Israel’s prime minister spent Tuesday trying to put the nuclear genie back in the bottle, after a slip of the tongue in an interview was interpreted as confirming Israel has atomic weapons – widely assumed to be true, but never officially acknowledged.
In an interview with a German television station broadcast Monday, Olmert appeared to list Israel among the world’s nuclear powers.
Asked by the interviewer about Iran’s calls for the destruction of Israel, Olmert replied that Israel has never threatened to annihilate anyone.
“Iran openly, explicitly and publicly threatens to wipe Israel off the map,” Olmert said. “Can you say that this is the same level, when you are aspiring to have nuclear weapons, as America, France, Israel, Russia?”
With Olmert’s comments featured on the front pages of all of Israel’s major papers Tuesday and with political rivals calling for his resignation, aides to Olmert hurriedly said the remark had been misinterpreted.
Pinochet grandson cheered at funeral
Bitter divisions over the memory of Gen. Augusto Pinochet surfaced at his military funeral Tuesday, as mourners booed the defense minister who denied the dictator a state funeral and cheered Pinochet’s grandson for justifying the bloody coup that ousted an elected president more than 30 years ago.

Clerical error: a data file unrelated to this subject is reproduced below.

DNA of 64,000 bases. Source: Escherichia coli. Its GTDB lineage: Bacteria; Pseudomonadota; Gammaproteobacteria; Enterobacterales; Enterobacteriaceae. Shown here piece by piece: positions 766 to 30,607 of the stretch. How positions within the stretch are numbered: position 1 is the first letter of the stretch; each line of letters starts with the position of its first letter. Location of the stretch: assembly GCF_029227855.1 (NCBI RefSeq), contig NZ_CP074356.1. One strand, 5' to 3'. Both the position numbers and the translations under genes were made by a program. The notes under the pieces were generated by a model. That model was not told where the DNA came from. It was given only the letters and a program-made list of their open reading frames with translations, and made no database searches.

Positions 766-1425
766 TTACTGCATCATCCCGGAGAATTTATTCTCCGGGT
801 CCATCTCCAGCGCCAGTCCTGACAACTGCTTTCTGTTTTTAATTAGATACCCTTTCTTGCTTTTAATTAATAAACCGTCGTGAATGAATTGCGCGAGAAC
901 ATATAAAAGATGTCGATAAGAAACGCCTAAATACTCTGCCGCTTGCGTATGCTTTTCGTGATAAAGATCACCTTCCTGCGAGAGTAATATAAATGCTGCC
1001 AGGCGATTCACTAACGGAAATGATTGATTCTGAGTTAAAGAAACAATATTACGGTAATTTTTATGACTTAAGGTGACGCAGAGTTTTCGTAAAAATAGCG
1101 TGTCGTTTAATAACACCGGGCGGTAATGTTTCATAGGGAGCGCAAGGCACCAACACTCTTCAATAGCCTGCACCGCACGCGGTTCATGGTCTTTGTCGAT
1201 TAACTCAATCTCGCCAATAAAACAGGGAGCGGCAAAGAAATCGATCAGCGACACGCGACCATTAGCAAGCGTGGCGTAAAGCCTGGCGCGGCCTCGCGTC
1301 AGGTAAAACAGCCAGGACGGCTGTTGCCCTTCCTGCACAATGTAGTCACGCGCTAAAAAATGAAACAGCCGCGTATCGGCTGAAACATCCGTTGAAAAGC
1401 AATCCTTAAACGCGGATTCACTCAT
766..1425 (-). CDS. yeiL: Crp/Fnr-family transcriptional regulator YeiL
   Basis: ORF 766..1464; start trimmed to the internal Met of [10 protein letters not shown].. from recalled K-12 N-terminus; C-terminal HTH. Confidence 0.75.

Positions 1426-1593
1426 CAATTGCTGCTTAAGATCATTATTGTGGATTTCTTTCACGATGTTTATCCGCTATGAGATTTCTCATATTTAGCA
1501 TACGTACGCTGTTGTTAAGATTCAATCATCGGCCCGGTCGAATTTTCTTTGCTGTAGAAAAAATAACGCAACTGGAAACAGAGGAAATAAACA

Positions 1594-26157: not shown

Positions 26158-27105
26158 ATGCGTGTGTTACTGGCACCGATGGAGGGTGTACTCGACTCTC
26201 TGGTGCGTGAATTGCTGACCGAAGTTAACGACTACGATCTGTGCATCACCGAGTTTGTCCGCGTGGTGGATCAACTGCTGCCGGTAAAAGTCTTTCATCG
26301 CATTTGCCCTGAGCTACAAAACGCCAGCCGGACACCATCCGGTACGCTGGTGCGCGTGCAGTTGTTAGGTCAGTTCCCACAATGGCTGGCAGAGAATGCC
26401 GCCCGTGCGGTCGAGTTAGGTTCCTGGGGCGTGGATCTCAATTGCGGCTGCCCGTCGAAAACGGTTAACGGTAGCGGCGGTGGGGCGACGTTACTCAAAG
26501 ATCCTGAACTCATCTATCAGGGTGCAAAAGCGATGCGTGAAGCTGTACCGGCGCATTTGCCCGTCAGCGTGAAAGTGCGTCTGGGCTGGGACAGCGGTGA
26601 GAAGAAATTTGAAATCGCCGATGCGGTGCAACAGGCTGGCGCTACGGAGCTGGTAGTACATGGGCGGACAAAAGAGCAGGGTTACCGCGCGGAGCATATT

Across town, about 4,000 Pinochet opponents held a joyful celebration in tribute to Salvador Allende, the Marxist president whom Pinochet toppled in his 1973 coup, and carried images of relatives killed under the ensuing dictatorship.
Appealing for calm at the funeral, army chief Gen. Oscar Izurieta asked Chileans “to let history make a balanced and fair judgment.” But Army Capt. Augusto Pinochet proclaimed that his grandfather, who died Sunday of heart failure at age 91, “defeated Marxism, which attempted to impose its totalitarian model.”
Defense Minister Vivianne Blanlot, the government’s only representative at the funeral, was booed when she arrived.
Saudi ambassador to U.S. quitting
Saudi Arabia’s ambassador to the United States is resigning after only 15 months on the job, possibly to take a more senior foreign policy post in the oil-rich kingdom.
In his brief tenure, Prince Turki al-Faisal did not approach the celebrity status of his predecessor, Prince Bandar bin Sultan, who held the post for more than 22 years and had exceptional access to U.S. power brokers. The ambassador’s post is a crucial link between the United States and Saudi Arabia, one of the chief U.S. allies in the Middle East.
Prince Turki was outspoken in conveying the kingdom’s views. In late October, he said U.S. standing in the Middle East was at an all-time low and could be helped only by pressing Israel to relinquish all land held by the Arabs before the 1967 Mideast war as well as Jerusalem.
sponsored Jargon is confusing, by definition. And the financial world has its own set of cryptic words.